Our web tools can benefit you and your projects. Teachers can design hands-on ecological research projects for the schoolyard or local park without killing specimens. Park managers can track migrations of invasive species. Scientists can map large collections and present information about species. Amateur naturalists can upload images and make a life list of species they find. Environmental educators can build online field guides so simple they can be used even by the youngest beginner.

Everyone can benefit in some way from a partnership with Discover Life. With our powerful integrated web tools, you can:

Keep a life list – store your photographic (or video/audio) records of natural history. It’s your own electronic nature journal – this is a service somewhat like Flickr or Picasa web albums, but linked to species information, map data and more. You can keep thousands of photographs and other data on our site for free, and store associated information as well. To see examples of stored photographs, click here.
Map species you find – every time you enter locality data to one of your photo records, it will instantly map as a point on the Global Mapper. This works similarly to Google Earth, but our mapper is capable of mapping many more points, each of them attached to an individual record of species occurrence.
Monitor species locations – You can enter a species name on the Global Mapper and it will show all the points where we and our partners have records for that species – each of the points on a species map is a live link to species occurrence, with photo or other record. For an example, click here for a map of the common honeybee, Apis mellifera.
Learn about species – Discover Life is an online encyclopedia of life, with over a million species pages, many with photos, information, and links to more info on other sites. You can access this information via the search box on the home page, via “All Living Things” or if you are unsure of the identification, using the IDnature Guides. Here is a species page for red maple, Acer rubrum. Note the additional information from other sites.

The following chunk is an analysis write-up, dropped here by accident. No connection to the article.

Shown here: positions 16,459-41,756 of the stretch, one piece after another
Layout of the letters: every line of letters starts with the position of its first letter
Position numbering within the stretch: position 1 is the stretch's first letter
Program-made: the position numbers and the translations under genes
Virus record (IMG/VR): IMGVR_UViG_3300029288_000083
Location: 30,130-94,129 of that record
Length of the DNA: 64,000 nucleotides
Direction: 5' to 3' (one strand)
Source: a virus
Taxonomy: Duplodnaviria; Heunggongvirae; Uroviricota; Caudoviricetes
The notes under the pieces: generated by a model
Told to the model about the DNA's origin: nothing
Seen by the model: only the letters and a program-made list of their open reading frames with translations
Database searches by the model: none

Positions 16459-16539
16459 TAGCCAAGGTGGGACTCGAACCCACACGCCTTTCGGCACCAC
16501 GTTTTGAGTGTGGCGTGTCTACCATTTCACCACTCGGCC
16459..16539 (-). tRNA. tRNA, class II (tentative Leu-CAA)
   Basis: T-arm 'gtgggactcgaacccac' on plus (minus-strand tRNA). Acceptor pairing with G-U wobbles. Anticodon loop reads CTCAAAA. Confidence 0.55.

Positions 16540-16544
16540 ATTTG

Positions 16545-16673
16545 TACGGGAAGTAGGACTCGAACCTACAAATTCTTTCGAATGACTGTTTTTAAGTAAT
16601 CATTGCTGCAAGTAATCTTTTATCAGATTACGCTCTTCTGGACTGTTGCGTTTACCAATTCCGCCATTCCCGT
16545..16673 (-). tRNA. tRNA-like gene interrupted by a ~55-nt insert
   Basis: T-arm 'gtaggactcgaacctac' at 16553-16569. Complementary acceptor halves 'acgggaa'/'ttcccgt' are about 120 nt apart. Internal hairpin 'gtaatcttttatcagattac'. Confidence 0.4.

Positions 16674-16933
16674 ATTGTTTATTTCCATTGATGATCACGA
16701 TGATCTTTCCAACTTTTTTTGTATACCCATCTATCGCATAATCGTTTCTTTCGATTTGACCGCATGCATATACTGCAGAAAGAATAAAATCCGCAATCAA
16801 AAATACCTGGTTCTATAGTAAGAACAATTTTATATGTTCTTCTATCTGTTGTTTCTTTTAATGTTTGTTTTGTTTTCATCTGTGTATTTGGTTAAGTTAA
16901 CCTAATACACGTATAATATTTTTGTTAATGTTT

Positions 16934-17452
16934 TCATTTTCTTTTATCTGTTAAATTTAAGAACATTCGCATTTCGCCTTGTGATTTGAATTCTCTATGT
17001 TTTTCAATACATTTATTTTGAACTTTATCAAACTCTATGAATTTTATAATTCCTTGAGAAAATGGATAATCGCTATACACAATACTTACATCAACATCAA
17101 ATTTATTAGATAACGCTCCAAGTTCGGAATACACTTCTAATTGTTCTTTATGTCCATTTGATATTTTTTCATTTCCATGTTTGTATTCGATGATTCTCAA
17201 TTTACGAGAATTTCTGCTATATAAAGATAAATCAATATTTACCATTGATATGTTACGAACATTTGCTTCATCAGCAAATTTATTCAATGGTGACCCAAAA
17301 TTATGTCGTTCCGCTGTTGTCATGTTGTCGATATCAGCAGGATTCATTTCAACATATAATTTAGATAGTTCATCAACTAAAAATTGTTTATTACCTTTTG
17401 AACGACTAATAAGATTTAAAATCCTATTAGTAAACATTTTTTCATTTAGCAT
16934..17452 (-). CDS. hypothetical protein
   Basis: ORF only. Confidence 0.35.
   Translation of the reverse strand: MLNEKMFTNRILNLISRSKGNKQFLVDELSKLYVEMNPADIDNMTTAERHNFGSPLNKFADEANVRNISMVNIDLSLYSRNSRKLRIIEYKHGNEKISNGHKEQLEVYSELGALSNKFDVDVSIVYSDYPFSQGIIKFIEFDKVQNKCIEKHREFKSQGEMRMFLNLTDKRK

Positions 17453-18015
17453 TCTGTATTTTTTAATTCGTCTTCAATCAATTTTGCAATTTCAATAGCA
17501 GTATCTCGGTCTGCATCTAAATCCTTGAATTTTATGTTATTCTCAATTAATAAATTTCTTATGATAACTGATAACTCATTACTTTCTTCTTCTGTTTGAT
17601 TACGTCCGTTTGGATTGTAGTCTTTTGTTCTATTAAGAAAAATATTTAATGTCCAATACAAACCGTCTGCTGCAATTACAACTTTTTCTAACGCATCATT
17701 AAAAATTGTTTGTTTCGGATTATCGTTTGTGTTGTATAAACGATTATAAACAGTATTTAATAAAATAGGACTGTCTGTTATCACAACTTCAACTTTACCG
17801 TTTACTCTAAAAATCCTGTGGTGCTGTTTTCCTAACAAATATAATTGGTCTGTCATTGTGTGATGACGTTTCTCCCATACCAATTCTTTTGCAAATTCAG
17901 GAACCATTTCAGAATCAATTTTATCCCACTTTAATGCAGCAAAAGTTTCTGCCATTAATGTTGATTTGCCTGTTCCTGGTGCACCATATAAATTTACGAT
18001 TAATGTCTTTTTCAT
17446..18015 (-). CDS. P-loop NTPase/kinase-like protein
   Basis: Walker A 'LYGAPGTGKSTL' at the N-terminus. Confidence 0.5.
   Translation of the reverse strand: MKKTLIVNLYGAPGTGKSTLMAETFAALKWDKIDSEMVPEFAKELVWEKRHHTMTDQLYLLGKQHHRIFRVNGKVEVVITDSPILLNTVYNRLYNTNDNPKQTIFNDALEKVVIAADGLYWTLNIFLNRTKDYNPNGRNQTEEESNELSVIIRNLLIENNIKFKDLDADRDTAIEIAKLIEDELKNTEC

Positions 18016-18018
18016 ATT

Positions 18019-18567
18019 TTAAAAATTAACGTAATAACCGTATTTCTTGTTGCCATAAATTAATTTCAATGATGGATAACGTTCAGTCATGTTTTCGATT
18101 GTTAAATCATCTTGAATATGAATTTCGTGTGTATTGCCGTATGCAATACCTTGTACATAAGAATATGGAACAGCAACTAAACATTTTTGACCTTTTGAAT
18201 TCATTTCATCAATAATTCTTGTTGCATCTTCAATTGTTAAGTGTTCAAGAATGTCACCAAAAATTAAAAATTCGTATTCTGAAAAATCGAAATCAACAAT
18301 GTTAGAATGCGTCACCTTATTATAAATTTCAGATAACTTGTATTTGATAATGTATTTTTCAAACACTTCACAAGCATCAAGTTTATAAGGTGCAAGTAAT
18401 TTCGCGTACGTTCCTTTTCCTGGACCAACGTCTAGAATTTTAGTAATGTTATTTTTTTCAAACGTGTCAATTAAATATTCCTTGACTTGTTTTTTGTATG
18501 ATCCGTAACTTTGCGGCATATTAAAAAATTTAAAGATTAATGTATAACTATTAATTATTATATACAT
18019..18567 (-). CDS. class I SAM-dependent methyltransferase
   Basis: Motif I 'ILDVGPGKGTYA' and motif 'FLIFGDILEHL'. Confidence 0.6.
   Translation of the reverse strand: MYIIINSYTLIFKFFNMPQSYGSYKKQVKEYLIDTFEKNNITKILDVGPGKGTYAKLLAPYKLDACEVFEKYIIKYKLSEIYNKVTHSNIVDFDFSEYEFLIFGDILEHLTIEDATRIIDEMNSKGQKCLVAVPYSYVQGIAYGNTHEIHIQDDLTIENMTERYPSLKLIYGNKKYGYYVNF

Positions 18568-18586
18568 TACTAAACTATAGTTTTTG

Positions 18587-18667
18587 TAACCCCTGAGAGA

Identify species – use our IDnature Guides to identify bees, ants, caterpillars, slime molds, birds, invasive species, among many other groups – many of our online guides are under construction but some are quite complete. For example, click here for a comprehensive list of guides to eastern North American bee species or, here for a simple guide to 150+ common caterpillars.
Create your own field guide – use our technology to create a field guide to your local schoolyard, national park, even your own back yard. With our guide-building tools you can build simple guides to plants, insects, fungi, whatever group you are interested in. Here is a simple guide to 26 tree species that was created by students at Cedar Shoals High School in Athens, Georgia, and here is an even simpler guide to 17 kinds of schoolyard leaves created by an undergraduate for 2nd graders at Gaines Elemenatry School.
For scientists, we provide further services. We can create labels with unique identifiers for your specimens. Using our electronic journal, Proceedings of Life, we can translate cumbersome printed literature such as catalogs into efficient, integrated electronic databases. With the same technology teachers have used to build simple guides to schoolyard plants, you can build very sophisticated guides to any group. You can store and map your photos, videos, audio, locality data, species relationships such as host/parasite information, and other notes on each species record. Discover Life provides the tools to monitor large amounts of natural history data, over large areas, over any period of time. Imagine the possibilities, develop the questions.
We are dedicated to improving education about the natural world, and therefore make our tools available for everyone, for free. You keep copyrights of your photographs and other information, you control how much or how little information you provide. We work constantly to improve our technology to make it easier to use. If you have comments or questions please let us know! Contact Tori Staples or Becka Walcott — email:

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